CHIEF WARRANT OFFICER 2 WARREN “BENNY” EZELL
A Company, 1-244th Assault Helicopter Battalion
Louisiana Army National Guard
Baton Rouge, Louisiana
Like many Soldiers, I purchased my “deployment gift” while on rotation — a new suspension lift for my 4x4 pickup. I’d installed several of these on some of my previous vehicles, as well as for some friends, so doing my own maintenance wasn’t foreign to me. Still, I know that all the experience in the world won’t save you if you fail to incorporate safety into the job.
I started by doing my research on the project and gathering all the appropriate tools I’d need to install the lift kit. I also doubled-checked the weight of my vehicle and compared it to the ratings for the floor jack and jack stands I would be using. Since our driveway had a significant incline and wasn’t safe for this type of work, I’d be doing the installation in my mother-in-law’s garage. The only problem was I wouldn’t be able to close the garage door because my truck was just a little too long. This put some pressure on me to get the job done as quickly as possible.
I started by raising the truck on the jack stands. I felt that everything was secure, but then I recalled the words of my old motor sergeant: “Specialist, you better rock that thing back and forth before you crawl under it." I chuckled to myself and rocked the truck back and forth and side to side. Knowing with certainty that the truck was secure, I got to work.
I followed along with the instructions on my tablet, and everything was going great on the left side. However, when I moved over to the right side, I discovered the lower ball joint was wearing out. I figured I’d work on that problem once I changed the suspension, which went quickly after a friend stopped by to help.
Once the suspension was complete, my buddy left and I began to address the worn-out ball joint. After some quick research on the lower ball joint removal and installation process, I went to an auto parts store to get what I needed to finish the job. The guys at the store were kind enough to loan me a ball joint press. I removed the ball joint quickly but installing the new part with the press attached didn’t give me the clearance I needed to clear the clamp with the concrete floor. I would have to adjust the jack stands to a new height to make room for the C-frame press.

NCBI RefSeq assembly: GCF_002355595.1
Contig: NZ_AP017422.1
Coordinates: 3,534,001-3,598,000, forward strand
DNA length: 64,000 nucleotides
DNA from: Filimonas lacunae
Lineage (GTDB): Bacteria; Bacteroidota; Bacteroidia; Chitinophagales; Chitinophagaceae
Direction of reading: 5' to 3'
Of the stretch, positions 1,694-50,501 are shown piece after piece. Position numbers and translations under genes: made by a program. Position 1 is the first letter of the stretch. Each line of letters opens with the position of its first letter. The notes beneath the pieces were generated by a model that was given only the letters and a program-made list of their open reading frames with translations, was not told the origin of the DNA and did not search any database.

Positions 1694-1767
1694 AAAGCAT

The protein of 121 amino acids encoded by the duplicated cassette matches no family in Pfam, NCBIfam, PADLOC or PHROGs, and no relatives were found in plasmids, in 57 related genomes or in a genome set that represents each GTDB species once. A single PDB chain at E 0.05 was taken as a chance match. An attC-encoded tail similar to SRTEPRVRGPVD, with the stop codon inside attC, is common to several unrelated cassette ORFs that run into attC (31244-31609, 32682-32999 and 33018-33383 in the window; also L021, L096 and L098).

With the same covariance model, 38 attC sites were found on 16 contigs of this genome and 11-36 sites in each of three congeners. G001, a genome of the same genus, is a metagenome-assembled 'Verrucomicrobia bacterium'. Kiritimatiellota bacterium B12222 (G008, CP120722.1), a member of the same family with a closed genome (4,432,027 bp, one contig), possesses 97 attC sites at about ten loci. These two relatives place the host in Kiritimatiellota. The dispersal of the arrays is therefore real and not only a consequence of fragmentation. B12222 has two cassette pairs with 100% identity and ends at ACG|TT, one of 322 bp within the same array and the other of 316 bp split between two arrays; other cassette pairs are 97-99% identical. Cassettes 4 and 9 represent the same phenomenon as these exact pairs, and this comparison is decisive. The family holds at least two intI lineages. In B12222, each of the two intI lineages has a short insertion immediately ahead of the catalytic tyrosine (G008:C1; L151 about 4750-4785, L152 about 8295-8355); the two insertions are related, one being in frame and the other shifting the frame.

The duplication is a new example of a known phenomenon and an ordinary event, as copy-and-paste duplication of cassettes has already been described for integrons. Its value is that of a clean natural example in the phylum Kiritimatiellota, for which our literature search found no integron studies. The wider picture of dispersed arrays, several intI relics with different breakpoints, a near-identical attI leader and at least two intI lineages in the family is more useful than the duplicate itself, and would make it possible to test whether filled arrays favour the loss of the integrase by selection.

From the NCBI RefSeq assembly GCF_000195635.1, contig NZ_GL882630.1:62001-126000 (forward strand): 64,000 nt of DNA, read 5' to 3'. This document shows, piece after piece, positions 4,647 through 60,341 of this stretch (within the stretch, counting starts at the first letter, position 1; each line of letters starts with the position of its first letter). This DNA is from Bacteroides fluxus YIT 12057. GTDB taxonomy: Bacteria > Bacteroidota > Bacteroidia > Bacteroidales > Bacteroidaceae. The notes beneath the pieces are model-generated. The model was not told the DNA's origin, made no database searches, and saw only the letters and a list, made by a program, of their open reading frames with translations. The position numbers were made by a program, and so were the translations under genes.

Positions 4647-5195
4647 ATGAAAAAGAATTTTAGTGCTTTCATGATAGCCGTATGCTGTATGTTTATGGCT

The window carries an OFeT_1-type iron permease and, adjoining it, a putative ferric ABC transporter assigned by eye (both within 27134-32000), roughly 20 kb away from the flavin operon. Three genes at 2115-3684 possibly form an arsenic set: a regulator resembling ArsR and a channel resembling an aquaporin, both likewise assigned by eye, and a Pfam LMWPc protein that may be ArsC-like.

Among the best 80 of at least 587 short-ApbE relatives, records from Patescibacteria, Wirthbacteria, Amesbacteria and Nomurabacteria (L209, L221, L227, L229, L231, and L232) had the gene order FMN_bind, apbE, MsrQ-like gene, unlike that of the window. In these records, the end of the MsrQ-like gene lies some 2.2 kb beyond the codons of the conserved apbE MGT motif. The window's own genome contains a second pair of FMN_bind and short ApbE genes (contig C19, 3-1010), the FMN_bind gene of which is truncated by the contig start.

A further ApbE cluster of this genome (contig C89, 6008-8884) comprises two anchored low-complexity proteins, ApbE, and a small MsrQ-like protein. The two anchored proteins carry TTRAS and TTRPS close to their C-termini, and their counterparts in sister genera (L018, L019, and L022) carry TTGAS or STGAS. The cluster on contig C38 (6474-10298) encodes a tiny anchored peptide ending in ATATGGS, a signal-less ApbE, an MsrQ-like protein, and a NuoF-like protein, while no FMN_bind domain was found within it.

During the process of lifting and adjusting the jack stands, I ran into another problem — they wouldn’t be tall enough unless extended all the way. I wasn’t comfortable with this, but I found a way around it by putting the stands on the cross tubes that ran to the front of the transmission. The tubes were thick, round and fit perfectly in the notch on the jack stands. I lifted one side and then the other. It was time now to check my clearance to see if my adjustments would work with the C-frame.
I reached for my tools and the clamp, but once again my motor sergeant’s voice popped into my head. So, I rocked the truck back and forth, ensuring everything was secure. As I knelt next to the truck to start working, I realized I didn’t rock the truck side to side, so I grabbed the step rails and pushed.
The truck immediately slipped off one of the jack stands and came crashing to the garage floor. I jumped back and just stared at my truck leaning over on its side, the lower control arm now resting on the busted concrete. My wife and mother-in-law rushed out of the house to see what had happened. Fortunately, I wasn’t injured and there wasn’t any damage to my truck or jack stands. Only my ego — and the concrete floor — was bruised.
Working with jacks and jack stands can be dangerous if you fail to incorporate risk management. Here are some do’s and don’ts for whenever you’re performing maintenance underneath your vehicle:
- Do place the jack stands under the part of the vehicle near the floor jack.
- Do find the proper place to position the jack for your particular vehicle; check your owner's manual. If you don't have a manual, ask the service department at your dealership to show you the proper placement. If your manual isn’t comprehensive or lacks jack placement information, try to place the jack so it touches either the vehicle's frame or the big bar that supports the front wheel suspension.
- Do rock the vehicle back and forth and side to side to ensure it is resting securely on the jack stands. If it moves at all, reevaluate the situation.
- Do choose a flat, smooth, concrete surface. Asphalt can be troublesome, especially in the warmer season because the jack stands can sink into the softer surface with a ton or more bearing down on them. Dirt is the worst possible choice.
- Don’t get under the vehicle before checking the stability of the jack stands.
- Don’t use wood or other materials between the jack stands and the vehicle frame for extra height. They can slip out or break while you're under the car.
- Don’t use the floor jack without jack stands. The rubber seals could fail, causing the vehicle to come crashing down.
- Don’t jack up a vehicle without blocking the wheels after securing them on the jack stand. Do not rely on the parking brake or the park gear position either.
For more information on jack safety, visit http://www.military.com/off-duty/autos/how-to-use-a-jack.html.
If you think what happened to the author is a rare event, you’re wrong. Over the past decade, there have been several reported off-duty and on-duty mishaps involving jacks and jack stands. In one incident, a Soldier was killed while performing maintenance on an M1114. The vehicle fell off the bottle jacks, pinning the Soldier underneath.